Academicism was a dominant style in European sculpture and painting in the eighteenth and nineteenth centuries. It was called so because it was dictated by the French Academy of Art, Académie des Beaux-Arts, which was probably the most influential art school back then. If somebody wanted to make a career, they needed to follow a few simple rules: excellent disegno (drawing), realistic colours and … lots of naked bodies on canvas!
Naked body for practice
It was a joke, but there was a grain of truth in it. Young students of the Academy had to study anatomy of classical sculptures (mostly naked) and live models (yes, naked) in order to master their drawing skills. And since Neoclassicism was in high fashion in the Academy and history paintings were at the top of the hierarchy of genres, naked bodies were virtually everywhere.
Naked body of history
History paintings focused not only on historical events but also on most famous narrative stories like mythology or Dante’s Inferno. They rendered bodies in classical poses like contrapposto and advocated classical, harmonious beauty. Moreover, most bodies were male. But everything changed when Romanticism and Orientalism appeared on the horizon…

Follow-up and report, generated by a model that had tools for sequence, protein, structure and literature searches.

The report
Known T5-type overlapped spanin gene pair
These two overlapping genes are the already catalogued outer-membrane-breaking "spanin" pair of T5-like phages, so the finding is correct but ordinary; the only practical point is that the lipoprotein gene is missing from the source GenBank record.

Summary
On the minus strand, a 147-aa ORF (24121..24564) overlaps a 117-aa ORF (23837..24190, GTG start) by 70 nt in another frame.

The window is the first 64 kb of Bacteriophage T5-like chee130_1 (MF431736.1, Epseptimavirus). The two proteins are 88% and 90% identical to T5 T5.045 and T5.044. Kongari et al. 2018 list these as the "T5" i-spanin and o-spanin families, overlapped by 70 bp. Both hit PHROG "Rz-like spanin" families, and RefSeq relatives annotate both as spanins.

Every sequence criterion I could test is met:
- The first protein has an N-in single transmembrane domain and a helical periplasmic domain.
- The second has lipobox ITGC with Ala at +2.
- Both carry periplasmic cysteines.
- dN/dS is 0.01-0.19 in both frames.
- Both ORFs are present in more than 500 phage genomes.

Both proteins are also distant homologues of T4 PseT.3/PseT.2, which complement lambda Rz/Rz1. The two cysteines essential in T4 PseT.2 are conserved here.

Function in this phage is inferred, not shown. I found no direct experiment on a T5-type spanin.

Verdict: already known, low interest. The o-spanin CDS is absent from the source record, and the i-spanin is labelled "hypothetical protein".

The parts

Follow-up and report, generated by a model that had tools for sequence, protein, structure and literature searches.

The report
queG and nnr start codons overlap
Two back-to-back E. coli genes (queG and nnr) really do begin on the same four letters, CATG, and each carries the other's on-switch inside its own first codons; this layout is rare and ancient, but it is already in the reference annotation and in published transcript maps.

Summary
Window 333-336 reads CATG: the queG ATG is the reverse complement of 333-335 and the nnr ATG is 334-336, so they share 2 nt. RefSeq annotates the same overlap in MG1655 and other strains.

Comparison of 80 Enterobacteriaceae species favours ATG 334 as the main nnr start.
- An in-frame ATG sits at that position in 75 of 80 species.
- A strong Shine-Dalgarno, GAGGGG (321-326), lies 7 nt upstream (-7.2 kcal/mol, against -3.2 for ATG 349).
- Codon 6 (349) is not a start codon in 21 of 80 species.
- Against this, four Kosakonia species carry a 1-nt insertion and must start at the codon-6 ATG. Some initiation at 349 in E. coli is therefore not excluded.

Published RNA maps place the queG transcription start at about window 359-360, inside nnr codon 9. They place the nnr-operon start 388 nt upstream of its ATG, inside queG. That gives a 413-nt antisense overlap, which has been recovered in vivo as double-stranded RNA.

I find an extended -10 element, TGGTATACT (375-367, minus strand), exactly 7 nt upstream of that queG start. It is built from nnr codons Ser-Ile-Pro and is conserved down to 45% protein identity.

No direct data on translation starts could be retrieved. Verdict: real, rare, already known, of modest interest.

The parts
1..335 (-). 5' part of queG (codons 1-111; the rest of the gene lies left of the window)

Naked Romantic Body
Gérôme was one of the most famous representatives of Academicism, with a very diverse oeuvre ranging from portraits to historical painting to Oriental scenes. His attention to detail and photographic ‘realism’ of the depicted scenes, which often were completely imagined and painted in a studio, made his works exquisite and very sought after. He was a master of covert eroticism: he loved to paint naked women and in order to do it with no social reprimand, he would place them into mythological or Oriental context. And this way he illustrated and/or inspired fantasies of many nineteenth century gentlemen.
(Every time I look at this painting, I am astonished how cheeky Gérôme must have been to place in the centre of the composition Galatea’s bum cheeks. I just can’t get over it.)
Naked Symbolic Body
Although Orientalism and Romanticism treated nudity with more free rein than Neoclassicism, they still had some constraints to protect the morals of the viewers (ekhm…). For example, nudes always had their genitals covered. Pubic hair? No way, it was too scandalous, too dirty, too real. In the end, all these naked women were not real women, but only symbolic/ exotic figures which did not have much in common with corset-bounded housewives and maids that gentlemen came across in real life.